Residents, experts welcome Sask. expansion of eligibility for 2nd COVID-19 booster dose

The Saskatchewan government will now let anyone over the age of 18 access their second booster dose of the COVID-19 vaccine, as long as they received their third dose at least four months prior.

3rd dose must have been received at least 4 months prior

Saskatchewan expands eligibility for the second COVID-19 vaccine booster dose to anyone over the age of 18. (Alexander Quon/CBC News)

Saskatchewan residents and experts are welcoming the news that anyone over the age of 18 can now receive their second booster dose of a COVID-19 vaccine as long as they received their third dose at least four months prior. 

"I live with people who are highly vulnerable and I want to make sure that I don't bring home something that could cause them serious harm," Natasha Williamson of Saskatoon said on Friday. 

Williamson, 39, says the uncertainty of when should would get her fourth dose has been stressful.

The wait since she received her third dose at the end of 2021 has been long, and that's why she is so eager to get her fourth dose booked as soon as possible. 

Natasha Williamson says she sees her second booster as a birthday present: She's getting her shot the day she turns 40.

"I think I kind of like shrieked happily, and then I immediately went online and checked my two closest pharmacies and made an appointment," the Saskatoon woman said. 

COVID-19 continues to circulate

The province says COVID-19 continues to spread in Saskatchewan and Canada, prompting the expansion of eligibility. 

Saskatchewan's chief medical health officer Dr. Saqib Shahab said the protection offered by vaccines weakens over time and that boosters can help protect against serious illness, hospitalization and death.

"All COVID-19 vaccines approved in Canada have been deemed safe, and our preliminary data shows that a second booster provides additional protection," Shahab said in a statement issued Friday.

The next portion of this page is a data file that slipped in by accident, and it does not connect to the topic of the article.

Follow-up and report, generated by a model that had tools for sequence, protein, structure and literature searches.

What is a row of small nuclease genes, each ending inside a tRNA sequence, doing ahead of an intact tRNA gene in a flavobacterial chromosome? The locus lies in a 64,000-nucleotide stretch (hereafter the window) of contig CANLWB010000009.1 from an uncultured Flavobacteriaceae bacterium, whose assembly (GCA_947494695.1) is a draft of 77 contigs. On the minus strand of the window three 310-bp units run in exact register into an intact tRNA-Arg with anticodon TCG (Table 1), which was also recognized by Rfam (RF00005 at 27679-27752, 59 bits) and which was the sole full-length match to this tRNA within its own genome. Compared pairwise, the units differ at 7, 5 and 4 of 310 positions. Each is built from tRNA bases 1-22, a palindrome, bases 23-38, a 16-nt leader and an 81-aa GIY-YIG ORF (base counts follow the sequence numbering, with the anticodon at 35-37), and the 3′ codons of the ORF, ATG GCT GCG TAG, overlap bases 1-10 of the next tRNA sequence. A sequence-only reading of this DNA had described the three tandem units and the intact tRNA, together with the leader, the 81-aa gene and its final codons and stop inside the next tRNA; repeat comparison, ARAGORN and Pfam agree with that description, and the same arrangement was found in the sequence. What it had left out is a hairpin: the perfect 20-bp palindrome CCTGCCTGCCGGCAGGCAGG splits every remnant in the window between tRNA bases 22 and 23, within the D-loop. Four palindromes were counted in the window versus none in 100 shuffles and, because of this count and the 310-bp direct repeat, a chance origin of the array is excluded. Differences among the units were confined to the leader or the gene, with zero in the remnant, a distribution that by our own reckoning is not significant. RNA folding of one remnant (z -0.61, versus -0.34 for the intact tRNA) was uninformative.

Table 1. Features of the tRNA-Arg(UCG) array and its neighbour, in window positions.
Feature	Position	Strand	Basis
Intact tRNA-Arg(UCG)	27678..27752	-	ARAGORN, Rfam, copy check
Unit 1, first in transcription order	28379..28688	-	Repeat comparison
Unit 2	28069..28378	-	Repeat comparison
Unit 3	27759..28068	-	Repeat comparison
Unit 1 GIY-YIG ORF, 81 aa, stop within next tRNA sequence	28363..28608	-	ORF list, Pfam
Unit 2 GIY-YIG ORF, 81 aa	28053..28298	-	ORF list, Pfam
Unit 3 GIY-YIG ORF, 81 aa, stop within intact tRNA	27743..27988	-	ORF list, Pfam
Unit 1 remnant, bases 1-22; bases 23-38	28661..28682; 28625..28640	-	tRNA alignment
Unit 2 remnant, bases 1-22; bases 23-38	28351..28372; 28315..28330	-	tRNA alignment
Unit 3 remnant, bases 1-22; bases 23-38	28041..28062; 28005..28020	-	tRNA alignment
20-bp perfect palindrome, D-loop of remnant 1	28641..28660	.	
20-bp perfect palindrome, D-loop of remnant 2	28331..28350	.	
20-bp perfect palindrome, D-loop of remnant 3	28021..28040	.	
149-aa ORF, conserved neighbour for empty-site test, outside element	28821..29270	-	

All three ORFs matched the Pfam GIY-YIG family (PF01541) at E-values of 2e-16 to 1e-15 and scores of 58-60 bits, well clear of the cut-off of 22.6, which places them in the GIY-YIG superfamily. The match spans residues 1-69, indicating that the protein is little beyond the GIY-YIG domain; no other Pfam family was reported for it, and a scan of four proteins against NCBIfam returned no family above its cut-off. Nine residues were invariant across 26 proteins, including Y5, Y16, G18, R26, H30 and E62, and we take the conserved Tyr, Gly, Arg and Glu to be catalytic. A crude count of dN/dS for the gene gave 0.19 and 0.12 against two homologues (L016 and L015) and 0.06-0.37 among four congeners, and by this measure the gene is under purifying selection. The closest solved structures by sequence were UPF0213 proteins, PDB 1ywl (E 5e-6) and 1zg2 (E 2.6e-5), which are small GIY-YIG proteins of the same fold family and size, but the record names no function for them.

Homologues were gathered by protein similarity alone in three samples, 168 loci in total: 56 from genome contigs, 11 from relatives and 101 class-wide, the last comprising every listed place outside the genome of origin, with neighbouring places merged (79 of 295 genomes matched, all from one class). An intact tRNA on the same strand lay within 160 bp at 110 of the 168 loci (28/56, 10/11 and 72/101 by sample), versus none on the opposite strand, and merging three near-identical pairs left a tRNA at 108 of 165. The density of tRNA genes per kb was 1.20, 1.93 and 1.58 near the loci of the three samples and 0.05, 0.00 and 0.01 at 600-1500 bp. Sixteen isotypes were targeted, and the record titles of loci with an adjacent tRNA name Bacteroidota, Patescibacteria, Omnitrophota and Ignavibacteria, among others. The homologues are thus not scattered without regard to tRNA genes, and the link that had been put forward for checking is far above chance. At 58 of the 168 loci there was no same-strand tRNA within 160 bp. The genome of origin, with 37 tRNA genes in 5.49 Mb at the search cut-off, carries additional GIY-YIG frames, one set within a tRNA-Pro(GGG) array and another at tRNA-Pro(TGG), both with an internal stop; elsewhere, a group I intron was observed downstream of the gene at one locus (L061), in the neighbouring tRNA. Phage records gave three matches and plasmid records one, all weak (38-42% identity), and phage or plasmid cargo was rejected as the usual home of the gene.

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Adults can start booking their fourth shots Friday, with the appointments being available starting Monday. 

Previously, the second booster was available to people older than 50 or those living in long-term care or group homes with seniors. 

Booster expansion 'a good idea'

Another Saskatchewan resident welcoming the expansion of booster dose eligibility is Nazeem Muhajarine, a professor of community health and epidemiology at the University of Saskatchewan

He says fall is approaching and that means a return to to school for children and young adults. 

Muhajarine believes a return from summer holidays means increased contact and a greater chance to spread COVID-19 in enclosed spaces. 

"I think the time is right now to expand the second booster availability … I think it's a good idea because of what is at stake," Muhajarine said. 

He says increasing vaccination rates along with a second booster dose will help tamp down the spread of the virus.

It will also help protect people from getting serious COVID-19 symptoms and potentially ending up in hospital. 

Muhajarine encouraged provincial officials to loudly and broadly share the news of eligibility being expanded while encouraging everyone who is able to get a second booster dose to do so as soon as they can. 

"These boosters are an insurance policy for my health and well-being. It is like an insurance policy," he said.

"We buy insurance for our home, not because we expect it to burn down to the ground but, in case it does, we are protected." 

Pediatric COVID-19 vaccinations remain available for children between six months and five years. Kids in this age group are eligible for their first two doses. 

The province says vaccination appointments are available through the SHA online or by phone, as well as Indigenous Services Canada, the Northern Inter-tribal Health Authority and at some pharmacies and walk-in clinics. 


Alexander Quon is a reporter with CBC Saskatchewan based in Regina. After working in Atlantic Canada for four years he's happy to be back in his home province. He has previously worked with the CBC News investigative unit in Nova Scotia and Global News in Halifax. Alexander specializes in data-reporting, COVID-19 and municipal political coverage. He can be reached at:


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